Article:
“At 10 o'clock another horde comes out, and they said, ‘Let them come closer,’ and we slaughtered another 500 men. … And we called out, ‘Can we come to the aid of your men that have been wounded?’ And they said no.
“About 3 o’clock they came again, and this time the company commander said: ‘Let them get closer. They’re hiding behind the dead bodies.’ And we let them come within 50 yards of us, and some of them overran our foxholes. And we slaughtered another 500 men. Machine guns, BARs, rifles … we fired till we were without ammunition. We killed over 1,000 men that day.”
Anthony's company received a Distinguished Unit Citation for its part in halting Germany's counteroffensive. Rather than the turning point Hitler had hoped for, the Battle of the Bulge signaled the end of a crumbling regime.
The third wave
The beginning of that end had come months earlier when about 160,000 Allied troops waded onto the beaches of Normandy. Black Mountain resident Andy Andrews, now 88, was one of them.
“We were out in a big field doing bayonet practice,” remembers Andrews, a private first class in the 1st Infantry Division, “when our captain drove up with a megaphone and said the invasion of Normandy had started, that the first wave was already on the beach, the second wave was in the water ready to go, and we were the third wave.”
Hours later, Andrews was crossing the English Channel.
“We were about five stories down in this big troopship, sitting on a metal floor, shoulder to shoulder. Everybody had their rifles, their packs. Nobody was talking, nobody was playing cards, nobody laughing, and that just gave you the opportunity to think about it: Where are we going? Is God going to keep us safe? Is He going to take us to the beach? Is He going to take us to the high ground? Then they said, 'H Company to the deck' … and that was our first sight of France.”
Andrews bluntly recalls what happened next: “As soon as we started over [the edge of the troopship], they gave us a little package, saying, 'Stick that in your shirt.' That was the body bag. In case you get shot — when you get shot — they’ll stick you in this body bag and stack you up like stove wood. That’s what they told us.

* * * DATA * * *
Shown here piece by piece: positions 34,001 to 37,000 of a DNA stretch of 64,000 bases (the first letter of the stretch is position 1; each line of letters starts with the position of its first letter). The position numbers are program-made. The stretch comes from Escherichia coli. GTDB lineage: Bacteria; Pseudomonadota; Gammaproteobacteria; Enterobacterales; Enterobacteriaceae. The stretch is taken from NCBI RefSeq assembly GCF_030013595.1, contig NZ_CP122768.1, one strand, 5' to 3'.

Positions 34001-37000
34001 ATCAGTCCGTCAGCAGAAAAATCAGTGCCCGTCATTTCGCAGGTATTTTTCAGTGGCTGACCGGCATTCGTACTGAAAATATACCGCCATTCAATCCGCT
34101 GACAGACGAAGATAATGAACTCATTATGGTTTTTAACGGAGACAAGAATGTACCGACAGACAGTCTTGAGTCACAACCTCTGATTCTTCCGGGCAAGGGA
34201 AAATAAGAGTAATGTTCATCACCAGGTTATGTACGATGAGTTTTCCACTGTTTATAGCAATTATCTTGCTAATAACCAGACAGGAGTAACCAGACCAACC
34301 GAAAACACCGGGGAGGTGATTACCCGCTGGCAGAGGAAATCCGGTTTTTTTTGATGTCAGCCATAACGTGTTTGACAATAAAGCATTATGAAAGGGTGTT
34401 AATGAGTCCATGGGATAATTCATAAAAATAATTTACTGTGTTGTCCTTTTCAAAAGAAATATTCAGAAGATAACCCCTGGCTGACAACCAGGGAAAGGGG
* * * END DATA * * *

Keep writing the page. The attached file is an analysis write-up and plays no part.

“When I got in the Higgins boat, I slid up in vomit. There were 36 guys in the boat, and I guess 30 of them were throwing up.
“I was glad to be in the water, because it washed the puke off my back,” he says, recalling the dash up the beach amid German artillery fire. “I said to the Lord, 'I need you to take us to the high ground, and then I need you to give us a hole to get in.' And I almost fell in a German foxhole.”
“I Christian too”
That was only the first day of a nightmarish march to Germany.
“You were just always ready to get shot,” he recalls, “and thinking you never would. 'It can happen to other people, but it's not going to happen to me.' That's the way most guys thought.
“That’s the one thing that most Americans thinking about the war don’t understand. You have a machine gun squad with eight men. Usually we had four, because four were always getting shot. You hesitated to try to become friends because people get killed so fast. … You didn’t talk about that much; you just kept on doing your job, and walking and loading up and fighting when you needed to fight.”
Andrews was wounded several times. The first was when a grenade showered him with shrapnel. Andrews fired on the German who threw it.
“I saw him [as I was] looking through the machine gun, and I just pulled the trigger,” he recounts. “I saw my bullets going through him. … I thought I had killed him. When he showed up just 6 or 8 feet from my gun, waving a surrender flag … I recognized him as the guy that threw the grenade. I reached down and picked him up and we walked to the aid station. He was wounded all the way down, bleeding all over the place.”